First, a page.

Adobe® Flash®, and the engaging animations that it creates, have been one of the most influential innovations to ever come to the Internet.  However, with the increasing popularity of mobile devices such as smartphones and tablet computers, developers and site owners alike will need to begin rethinking their implementation of Flash-enabled content.

Personally, I have always had a love/hate relationship with Flash.  Like everyone else, I am enthralled by some of the amazing Flash animations and sites on the web.  However, I have also at times been annoyed with the slow download times, browser crashing, and obnoxious overuse of Flash.  As a designer, I have often counseled clients on the “smart implementation” of Flash content.  While it may look cool to have this “flying in” and that “spinning around,” you have to remain aware of the impact that it will have on your target audience.

The question of how Flash impacts your target audience has now taken on added emphasis as web surfers increasingly utilize mobile devices to view web content.  Of particular concern are the growing popularity of the iPhone and iPad.  Why you might ask?  Neither of these popular devices by Apple allows Flash content to be displayed on their platforms. The iPhone currently accounts for 25% of the US smartphone market.  That number will grow with the announcement that Verizon will begin selling the iPhone as well.  Alternatively, the iPad accounts for more than 90% of the global tablet market.  Despite the extensive use of Flash on the Internet (particularly Flash video technology used by sites such as and, Flash content cannot be watched on their platforms.  In addition to being an annoyance to iPhone and iPad users, it also puts website owners in quite a quandary—whether or not to disenfranchise a significant and growing segment of potential customers for that “cool” Flash animation, site, or video?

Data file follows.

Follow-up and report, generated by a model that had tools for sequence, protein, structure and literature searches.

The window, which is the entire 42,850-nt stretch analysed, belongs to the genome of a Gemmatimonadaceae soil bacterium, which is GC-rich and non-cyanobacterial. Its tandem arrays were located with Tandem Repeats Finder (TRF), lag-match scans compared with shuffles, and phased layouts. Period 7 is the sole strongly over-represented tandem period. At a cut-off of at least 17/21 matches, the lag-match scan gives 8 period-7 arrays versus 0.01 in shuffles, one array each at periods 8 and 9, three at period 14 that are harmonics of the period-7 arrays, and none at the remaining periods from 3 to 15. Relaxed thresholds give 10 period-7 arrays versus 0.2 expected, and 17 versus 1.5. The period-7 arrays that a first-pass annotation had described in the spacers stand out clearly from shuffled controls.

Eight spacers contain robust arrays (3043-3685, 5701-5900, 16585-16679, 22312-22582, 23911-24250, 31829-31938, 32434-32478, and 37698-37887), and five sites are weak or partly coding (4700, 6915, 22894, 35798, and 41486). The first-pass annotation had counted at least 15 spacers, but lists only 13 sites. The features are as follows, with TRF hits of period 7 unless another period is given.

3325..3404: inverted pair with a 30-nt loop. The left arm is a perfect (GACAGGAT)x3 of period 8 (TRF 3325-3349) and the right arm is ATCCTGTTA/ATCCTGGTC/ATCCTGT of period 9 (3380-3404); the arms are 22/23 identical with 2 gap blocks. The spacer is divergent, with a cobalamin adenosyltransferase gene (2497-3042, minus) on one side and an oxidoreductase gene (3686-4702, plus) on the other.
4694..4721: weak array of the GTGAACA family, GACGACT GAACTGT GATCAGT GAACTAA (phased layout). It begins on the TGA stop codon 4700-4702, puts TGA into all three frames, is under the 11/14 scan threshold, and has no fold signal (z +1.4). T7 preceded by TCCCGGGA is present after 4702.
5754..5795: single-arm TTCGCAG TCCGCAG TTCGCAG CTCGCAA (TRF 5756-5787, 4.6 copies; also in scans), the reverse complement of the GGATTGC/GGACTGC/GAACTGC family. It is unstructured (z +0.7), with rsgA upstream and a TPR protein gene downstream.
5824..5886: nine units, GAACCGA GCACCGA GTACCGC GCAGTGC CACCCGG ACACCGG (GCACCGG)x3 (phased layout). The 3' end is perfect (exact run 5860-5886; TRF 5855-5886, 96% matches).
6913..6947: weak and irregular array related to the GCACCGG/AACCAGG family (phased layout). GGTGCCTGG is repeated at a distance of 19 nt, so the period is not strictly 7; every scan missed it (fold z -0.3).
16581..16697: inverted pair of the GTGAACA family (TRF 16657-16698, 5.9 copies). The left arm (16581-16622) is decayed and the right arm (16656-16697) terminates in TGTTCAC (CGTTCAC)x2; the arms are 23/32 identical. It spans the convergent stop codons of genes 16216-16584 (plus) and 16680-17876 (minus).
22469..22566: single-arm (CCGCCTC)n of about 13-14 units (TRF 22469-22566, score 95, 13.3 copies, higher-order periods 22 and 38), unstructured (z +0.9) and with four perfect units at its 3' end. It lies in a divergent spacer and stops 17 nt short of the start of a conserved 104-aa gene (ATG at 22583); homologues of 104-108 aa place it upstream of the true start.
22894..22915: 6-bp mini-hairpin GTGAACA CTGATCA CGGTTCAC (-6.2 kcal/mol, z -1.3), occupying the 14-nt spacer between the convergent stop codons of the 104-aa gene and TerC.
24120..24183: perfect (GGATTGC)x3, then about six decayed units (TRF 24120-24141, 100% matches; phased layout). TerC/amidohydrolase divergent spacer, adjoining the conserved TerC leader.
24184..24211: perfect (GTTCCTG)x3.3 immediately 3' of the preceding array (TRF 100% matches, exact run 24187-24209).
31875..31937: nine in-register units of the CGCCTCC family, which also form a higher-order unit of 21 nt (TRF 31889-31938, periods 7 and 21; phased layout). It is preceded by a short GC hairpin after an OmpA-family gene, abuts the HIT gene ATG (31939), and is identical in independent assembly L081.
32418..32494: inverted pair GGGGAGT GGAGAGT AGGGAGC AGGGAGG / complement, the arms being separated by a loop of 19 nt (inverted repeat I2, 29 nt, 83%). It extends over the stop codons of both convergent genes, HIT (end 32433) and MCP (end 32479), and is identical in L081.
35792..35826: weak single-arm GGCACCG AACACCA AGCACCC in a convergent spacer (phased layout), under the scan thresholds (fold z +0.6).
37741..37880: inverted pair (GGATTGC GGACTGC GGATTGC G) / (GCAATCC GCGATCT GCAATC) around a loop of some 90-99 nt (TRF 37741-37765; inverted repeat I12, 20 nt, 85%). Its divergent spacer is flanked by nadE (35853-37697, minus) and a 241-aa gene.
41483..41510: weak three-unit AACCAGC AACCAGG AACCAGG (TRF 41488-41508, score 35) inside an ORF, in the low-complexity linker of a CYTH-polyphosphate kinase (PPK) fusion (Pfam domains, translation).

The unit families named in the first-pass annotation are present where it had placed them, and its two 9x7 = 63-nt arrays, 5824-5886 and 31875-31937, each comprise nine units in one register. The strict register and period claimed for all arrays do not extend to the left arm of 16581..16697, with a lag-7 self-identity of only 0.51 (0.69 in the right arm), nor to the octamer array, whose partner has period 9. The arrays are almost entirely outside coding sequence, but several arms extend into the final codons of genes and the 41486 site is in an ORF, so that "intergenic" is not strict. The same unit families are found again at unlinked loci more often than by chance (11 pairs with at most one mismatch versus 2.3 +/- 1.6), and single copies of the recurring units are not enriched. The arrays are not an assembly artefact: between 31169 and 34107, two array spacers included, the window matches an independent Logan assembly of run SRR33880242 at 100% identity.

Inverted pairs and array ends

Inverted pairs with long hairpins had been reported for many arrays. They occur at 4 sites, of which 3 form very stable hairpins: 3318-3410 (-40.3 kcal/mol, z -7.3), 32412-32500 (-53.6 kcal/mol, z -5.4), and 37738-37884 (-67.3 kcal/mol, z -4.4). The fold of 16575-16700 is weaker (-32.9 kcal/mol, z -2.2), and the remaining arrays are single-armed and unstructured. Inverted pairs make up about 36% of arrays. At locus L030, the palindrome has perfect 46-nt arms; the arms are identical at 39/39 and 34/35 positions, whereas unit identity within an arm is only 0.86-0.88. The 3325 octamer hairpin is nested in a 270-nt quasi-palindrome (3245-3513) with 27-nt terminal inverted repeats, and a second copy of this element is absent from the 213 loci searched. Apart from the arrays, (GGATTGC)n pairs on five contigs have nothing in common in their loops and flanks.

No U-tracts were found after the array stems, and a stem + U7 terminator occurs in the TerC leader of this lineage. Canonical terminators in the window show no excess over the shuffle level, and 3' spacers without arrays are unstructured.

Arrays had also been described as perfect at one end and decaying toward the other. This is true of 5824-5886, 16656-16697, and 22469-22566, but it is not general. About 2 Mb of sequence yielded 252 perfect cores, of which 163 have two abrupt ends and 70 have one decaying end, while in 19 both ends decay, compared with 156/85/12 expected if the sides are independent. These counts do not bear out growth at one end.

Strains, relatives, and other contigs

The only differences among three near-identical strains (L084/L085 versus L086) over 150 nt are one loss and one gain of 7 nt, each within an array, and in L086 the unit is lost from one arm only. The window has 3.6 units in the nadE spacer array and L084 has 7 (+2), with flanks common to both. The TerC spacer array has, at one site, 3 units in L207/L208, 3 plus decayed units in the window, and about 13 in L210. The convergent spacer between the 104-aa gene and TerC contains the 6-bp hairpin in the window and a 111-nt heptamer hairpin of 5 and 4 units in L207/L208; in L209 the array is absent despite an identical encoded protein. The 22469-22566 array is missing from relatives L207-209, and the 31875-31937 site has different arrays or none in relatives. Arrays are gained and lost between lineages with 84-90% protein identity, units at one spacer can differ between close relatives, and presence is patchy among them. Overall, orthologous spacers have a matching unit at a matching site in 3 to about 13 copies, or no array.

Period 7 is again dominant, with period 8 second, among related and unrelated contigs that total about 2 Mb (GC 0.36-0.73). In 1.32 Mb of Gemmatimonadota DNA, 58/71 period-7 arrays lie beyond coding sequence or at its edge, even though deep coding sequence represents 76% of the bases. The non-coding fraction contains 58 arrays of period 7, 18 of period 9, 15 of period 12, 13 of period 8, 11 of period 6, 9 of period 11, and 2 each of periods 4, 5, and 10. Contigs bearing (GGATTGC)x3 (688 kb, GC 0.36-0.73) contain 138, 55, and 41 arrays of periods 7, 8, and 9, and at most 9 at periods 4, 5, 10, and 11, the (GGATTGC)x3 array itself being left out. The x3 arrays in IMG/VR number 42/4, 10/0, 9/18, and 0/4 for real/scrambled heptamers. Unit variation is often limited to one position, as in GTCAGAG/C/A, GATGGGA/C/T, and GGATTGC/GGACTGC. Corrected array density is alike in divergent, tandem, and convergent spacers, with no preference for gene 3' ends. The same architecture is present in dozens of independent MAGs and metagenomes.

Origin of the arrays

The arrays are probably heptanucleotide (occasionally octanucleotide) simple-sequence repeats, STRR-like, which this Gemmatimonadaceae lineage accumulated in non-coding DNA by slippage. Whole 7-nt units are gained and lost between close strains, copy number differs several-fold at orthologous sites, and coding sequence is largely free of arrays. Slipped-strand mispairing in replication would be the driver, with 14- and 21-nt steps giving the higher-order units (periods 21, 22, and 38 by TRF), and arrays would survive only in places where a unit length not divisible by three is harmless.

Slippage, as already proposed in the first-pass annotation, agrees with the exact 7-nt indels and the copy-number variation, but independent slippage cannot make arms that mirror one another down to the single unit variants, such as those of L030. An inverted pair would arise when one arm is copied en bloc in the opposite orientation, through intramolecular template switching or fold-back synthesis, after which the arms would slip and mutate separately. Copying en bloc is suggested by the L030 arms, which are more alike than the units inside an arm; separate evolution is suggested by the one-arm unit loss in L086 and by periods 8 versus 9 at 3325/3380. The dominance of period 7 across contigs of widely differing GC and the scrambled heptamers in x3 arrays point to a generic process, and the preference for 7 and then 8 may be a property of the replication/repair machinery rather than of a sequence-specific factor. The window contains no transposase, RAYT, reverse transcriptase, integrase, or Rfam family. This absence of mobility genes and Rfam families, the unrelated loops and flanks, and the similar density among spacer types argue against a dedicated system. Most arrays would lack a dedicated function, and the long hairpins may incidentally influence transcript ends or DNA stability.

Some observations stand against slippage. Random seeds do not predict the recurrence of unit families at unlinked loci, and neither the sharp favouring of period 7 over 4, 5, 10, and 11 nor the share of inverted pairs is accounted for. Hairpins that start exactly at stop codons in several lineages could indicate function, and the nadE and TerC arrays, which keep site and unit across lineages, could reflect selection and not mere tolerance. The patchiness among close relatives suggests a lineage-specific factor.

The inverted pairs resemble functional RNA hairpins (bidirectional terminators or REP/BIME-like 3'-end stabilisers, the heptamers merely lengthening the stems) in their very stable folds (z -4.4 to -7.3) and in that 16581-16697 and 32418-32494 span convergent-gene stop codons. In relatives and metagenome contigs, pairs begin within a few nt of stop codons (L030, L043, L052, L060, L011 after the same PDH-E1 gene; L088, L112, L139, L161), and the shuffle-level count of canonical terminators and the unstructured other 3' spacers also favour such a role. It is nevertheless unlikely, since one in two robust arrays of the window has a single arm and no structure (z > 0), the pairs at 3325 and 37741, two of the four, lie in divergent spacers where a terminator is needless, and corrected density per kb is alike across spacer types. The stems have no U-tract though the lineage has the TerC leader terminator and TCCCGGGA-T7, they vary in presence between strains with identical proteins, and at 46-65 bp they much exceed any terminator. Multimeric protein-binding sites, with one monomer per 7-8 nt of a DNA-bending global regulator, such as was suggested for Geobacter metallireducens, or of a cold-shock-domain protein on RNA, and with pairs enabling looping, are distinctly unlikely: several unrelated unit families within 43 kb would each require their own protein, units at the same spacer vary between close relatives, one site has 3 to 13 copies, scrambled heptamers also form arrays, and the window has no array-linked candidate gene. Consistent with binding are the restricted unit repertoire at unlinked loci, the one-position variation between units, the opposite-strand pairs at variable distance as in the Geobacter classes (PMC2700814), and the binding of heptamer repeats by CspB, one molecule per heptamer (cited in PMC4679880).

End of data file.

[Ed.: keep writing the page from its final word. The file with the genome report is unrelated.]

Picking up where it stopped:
Several factors, such as: industry, target audience demographics, region, etc., need to be analyzed before the decision is made to implement Flash in a site.  Many features in CSS3 and Javascript, along with the new advancements in HTML5, are highly effective in delivering the same effects and interactivity that Flash can provide, without the drawbacks.

Despite these advancements, that doesn’t mean that Flash is going away anytime soon.  Flash is still a viable option in many instances.  However, site owners do need to understand that Flash is just that—one option.  The point is that, as with any venture, proper planning and assessment needs to be performed before embarking on a project so that the end product achieves the desired results, even if it is less “Flash-y.”